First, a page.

For the second straight month, San Francisco topped’s list of scorching markets, with a median list price of $748,000, the second highest of 20 cities and more than three times the national median list price of $228,000. San Jose, the nation’s second-hottest real estate market, is also the most expensive, with a median list price of $848,000. Vallejo ranks No. 3, down from No. 2 in November. With a median list price of $384,000, the Solano County city is about half as expensive as its larger neighbors to the west and south.
Sacramento landed in the No. 5 spot, followed by San Diego (No. 6), Santa Rosa (No. 8), Yuba City (No. 9), Stockton (No. 10), Los Angeles (No. 11), Oxnard (No. 12), and Modesto (No. 15). All 11 California cities were among the country’s 20 hottest in November, while Santa Cruz dropped off the list this month. says that homes in cities on its hot list sell 29 to 51 days faster than the nationwide average of 93 days. Combined, these markets have seen average days on the market decline by 15 percent on an annual basis.
The Bay Area’s largest two real estate markets are moving nearly twice as fast as the rest of the country, with homes selling in 47 days in San Jose and 49 days in San Francisco. In the Central Valley, where demand for homes is growing as more buyers head inland to score bargains, the pace of sales is even quicker: 42 days in Stockton, 43 days in Modesto, and 44 days in Sacramento.

U.S. home sales should climb in 2016 to levels we haven’t seen since the last housing boom — with millennials leading the charge — as continued economic prosperity appears to be on the horizon.cb
In its 2016 Housing Forecast, projects that new and existing home sales will reach 6 million in 2016, the highest level since 2006. According to the report, home starts will see a 12 percent annual uptick, while sales of new homes will grow by 16 percent year over year. Home price appreciation will moderate to 3 percent next year, which Chief Economist Jonathan Smoke says signifies that the housing market is normalizing.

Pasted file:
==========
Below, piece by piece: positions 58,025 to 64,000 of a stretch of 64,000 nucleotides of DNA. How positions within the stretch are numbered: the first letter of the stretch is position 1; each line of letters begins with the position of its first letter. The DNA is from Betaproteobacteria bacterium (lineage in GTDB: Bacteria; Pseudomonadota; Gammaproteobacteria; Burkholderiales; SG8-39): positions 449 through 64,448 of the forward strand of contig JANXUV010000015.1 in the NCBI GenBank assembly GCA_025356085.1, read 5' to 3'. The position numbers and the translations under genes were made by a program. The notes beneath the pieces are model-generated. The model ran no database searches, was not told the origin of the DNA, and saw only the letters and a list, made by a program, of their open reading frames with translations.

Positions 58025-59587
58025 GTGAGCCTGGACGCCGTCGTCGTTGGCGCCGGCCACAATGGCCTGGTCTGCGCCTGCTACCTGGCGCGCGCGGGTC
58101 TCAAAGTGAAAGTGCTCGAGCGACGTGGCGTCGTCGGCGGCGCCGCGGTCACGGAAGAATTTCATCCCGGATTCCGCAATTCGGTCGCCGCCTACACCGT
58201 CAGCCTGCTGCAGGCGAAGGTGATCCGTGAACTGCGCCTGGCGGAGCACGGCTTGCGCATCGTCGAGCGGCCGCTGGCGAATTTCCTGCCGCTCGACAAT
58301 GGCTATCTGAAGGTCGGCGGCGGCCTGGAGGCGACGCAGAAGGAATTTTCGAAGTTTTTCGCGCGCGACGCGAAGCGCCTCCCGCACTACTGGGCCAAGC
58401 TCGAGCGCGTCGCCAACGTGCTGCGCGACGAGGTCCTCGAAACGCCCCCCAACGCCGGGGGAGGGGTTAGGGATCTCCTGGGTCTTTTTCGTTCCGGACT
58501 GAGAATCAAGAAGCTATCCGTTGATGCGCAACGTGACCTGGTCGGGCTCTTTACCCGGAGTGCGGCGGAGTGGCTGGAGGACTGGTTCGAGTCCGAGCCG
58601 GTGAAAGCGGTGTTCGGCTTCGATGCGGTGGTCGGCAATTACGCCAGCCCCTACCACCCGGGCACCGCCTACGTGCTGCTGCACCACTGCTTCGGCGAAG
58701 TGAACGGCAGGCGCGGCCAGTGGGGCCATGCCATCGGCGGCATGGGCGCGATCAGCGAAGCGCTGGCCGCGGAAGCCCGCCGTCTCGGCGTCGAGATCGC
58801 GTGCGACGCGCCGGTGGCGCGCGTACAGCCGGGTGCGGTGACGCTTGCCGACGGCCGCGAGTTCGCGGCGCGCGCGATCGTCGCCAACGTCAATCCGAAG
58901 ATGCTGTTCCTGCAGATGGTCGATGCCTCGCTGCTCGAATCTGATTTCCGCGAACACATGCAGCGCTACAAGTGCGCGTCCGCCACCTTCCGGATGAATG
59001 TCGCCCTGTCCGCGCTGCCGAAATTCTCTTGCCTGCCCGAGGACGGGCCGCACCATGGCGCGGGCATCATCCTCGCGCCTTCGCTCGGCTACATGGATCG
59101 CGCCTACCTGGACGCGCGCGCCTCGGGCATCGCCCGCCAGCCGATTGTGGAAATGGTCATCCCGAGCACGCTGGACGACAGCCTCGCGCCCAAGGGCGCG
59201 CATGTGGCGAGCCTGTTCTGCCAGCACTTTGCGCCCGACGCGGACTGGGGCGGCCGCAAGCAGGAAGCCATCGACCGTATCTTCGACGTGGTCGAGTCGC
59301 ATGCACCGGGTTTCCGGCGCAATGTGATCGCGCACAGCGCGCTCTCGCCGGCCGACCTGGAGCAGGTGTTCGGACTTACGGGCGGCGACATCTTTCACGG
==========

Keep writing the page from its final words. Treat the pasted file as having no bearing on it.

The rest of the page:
Millennials — defined here as those ages 25-34 — are expected to make up the largest percentage of homebuyers in 2016, spurred on in part by growing incomes. Generation Y buyers are most concerned with neighborhood safety and home-construction quality, and they also want a reasonable commute.
Having rebounded from the recession, Gen Xers on the younger side of the spectrum (ages 35-44) will account for the second-largest pool of buyers. Two-thirds of this demographic are move-up buyers and will be trading up for a larger property or a nicer neighborhood.
Older Americans ages 65-74, the third-largest projected buyer demographic, will look to do the exact opposite, selling their spacious homes for smaller, newly constructed ones. These homeowners are expected to put their properties on the market in March or April and will place an emphasis on customization when searching for their next home. predicts the U.S. economy’s health to hold in 2016, with the GDP increasing by 2.5 percent, up from 2.1 percent growth in 2015. Unemployment will decline from 5 percent at the end of 2015 to 4.8 percent by the end of 2016, while the number of jobs created — 2.5 million — will remain roughly unchanged. The forecast warns that tougher access to credit and rising home prices could ultimately stifle demand for housing and temper the benefits of the thriving economy.
So, once again, the word here is, if you need assistance in looking at the market in general, or as it relates to your present home, give us a call: Peter: (415) 279-6466; Jane: (415) 531-4091. As always, we'd be happy to help!